Is Clarence Thomas Still Married? 'Confirmation' Puts The Justice's Personal Life On Display
HBO's docudrama Confirmation is putting the sober tale of Supreme Court Justice Clarence Thomas' 1991 nomination hearings back into the spotlight with actress Kerry Washington playing law professor Anita Hill. Specifically, Confirmation delves into Hill's testimony at Thomas' confirmation hearings, during which she alleged Thomas had made comments of a sexual nature that, in her opinion, constituted sexual harassment. Thomas vehemently denies these claims. The controversial new series has undoubtedly raised many questions about the personal life of the Supreme Court's most conservative justice, including, is Justice Thomas still married?
In 1987, three years after divorcing his first wife, Thomas married attorney and lobbyist Virginia Lamp Thomas. The couple were married for roughly four years before then-President George H.W. Bush nominated Thomas to the Supreme Court. Throughout Hill's testimony before the Senate, Virginia remained a steadfast supporter of her husband, described by friends in a 1991 Los Angeles Times article as "a strong woman, a resilient woman."
Hill's accusations Thomas had sexually harassed her while she worked for him at the Equal Employment Opportunity Commission apparently continued to weigh on Virginia long after her husband was appointed to the Supreme Court in a 52-48 vote. In 2010, close to 20 years after Hill's testimony put Thomas under intense public scrutiny, the New York Times revealed Virginia had reached out to Hill seeking an apology.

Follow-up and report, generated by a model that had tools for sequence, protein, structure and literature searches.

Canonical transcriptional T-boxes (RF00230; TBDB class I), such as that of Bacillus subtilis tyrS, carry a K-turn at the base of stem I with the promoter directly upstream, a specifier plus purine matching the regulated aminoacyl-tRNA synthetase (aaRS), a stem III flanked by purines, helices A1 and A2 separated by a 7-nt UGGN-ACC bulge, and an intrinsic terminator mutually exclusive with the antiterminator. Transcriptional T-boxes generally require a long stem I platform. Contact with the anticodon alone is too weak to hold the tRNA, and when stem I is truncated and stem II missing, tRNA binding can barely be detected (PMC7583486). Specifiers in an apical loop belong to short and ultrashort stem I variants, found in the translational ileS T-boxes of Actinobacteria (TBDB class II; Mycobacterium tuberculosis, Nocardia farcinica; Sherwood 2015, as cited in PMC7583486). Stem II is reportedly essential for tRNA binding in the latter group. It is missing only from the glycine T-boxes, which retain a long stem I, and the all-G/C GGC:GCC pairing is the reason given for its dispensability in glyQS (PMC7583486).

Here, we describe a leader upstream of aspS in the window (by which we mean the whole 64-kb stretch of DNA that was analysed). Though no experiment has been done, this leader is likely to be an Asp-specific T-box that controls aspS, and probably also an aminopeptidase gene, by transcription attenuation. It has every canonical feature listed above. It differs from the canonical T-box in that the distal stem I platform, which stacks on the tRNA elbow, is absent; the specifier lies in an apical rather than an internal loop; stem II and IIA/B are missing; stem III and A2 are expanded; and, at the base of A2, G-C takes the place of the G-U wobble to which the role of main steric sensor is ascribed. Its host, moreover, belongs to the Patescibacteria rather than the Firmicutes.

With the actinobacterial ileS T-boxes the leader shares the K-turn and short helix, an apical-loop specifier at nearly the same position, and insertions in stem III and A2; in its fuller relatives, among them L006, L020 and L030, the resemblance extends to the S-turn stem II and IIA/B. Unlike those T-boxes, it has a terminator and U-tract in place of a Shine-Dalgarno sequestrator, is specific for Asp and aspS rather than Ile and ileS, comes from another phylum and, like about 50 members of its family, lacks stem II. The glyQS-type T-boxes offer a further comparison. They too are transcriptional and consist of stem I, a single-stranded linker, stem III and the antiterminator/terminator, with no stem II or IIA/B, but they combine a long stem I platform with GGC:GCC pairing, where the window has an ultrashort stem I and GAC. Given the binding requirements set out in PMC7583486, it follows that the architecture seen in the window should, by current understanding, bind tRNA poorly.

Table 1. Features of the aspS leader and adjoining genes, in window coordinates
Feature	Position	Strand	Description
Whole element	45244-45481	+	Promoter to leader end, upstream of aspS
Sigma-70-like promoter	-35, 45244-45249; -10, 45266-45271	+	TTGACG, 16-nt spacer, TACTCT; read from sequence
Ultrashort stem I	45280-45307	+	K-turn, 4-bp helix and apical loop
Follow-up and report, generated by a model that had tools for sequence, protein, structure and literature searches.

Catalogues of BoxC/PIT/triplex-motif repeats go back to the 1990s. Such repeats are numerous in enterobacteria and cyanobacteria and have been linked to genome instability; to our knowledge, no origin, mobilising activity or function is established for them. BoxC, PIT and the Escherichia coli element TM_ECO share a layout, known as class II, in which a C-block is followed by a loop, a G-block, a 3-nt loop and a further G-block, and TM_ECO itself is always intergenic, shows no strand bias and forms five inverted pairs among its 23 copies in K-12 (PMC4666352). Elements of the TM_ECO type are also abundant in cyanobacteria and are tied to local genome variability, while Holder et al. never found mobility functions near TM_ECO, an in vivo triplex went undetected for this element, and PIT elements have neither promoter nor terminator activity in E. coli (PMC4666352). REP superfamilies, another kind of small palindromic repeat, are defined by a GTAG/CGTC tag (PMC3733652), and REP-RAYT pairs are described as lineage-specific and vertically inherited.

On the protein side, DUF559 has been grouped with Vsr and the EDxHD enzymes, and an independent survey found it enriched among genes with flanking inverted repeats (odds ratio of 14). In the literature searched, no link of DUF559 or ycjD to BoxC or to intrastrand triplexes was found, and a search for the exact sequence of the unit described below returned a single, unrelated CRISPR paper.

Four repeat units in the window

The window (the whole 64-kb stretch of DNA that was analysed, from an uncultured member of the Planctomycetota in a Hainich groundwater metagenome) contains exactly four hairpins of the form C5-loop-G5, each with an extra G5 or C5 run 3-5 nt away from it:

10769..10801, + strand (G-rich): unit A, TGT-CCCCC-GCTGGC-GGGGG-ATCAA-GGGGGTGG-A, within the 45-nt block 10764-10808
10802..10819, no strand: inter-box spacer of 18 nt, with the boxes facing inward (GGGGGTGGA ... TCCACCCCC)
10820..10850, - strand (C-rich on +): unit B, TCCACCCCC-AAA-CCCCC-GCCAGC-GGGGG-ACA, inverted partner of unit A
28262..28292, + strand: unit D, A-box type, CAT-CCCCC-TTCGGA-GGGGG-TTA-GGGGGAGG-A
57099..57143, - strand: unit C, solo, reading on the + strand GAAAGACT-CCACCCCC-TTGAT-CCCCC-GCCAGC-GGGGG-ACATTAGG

"Good morning Anita Hill, it’s Ginni Thomas," Virginia said in a voice mail message left at 7:31 a.m. on Oct. 9, 2010. "I just wanted to reach across the airwaves and the years and ask you to consider something. I would love you to consider an apology sometime and some full explanation of why you did what you did with my husband."
When approached by the Times, Virginia confirmed it was her voice in the message and said she'd made the call in an effort of "extending an olive branch."
It hasn't been in Virginia's style to stay out of the public eye while her husband serves as a Supreme Court justice. With political aspirations established prior to her marriage — she was named a young woman of promise in 1986 by Good Housekeeping with dreams to one day run for Congress — she has often faced criticism for her vocal advocacy. In 2009, she founded the conservative group Liberty Central, a group that the Huffington Post says has ties to the Tea Party, and began openly opposing health care reform, two issues that landed before her husband in the Supreme Court. She stepped down a year later in 2010, according to the Washington Post.
Thomas and Virginia remain married today with one son, Thomas' grandnephew Mark, whom the couple adopted in 1997, according to US News. Thomas also has a son from his first marriage.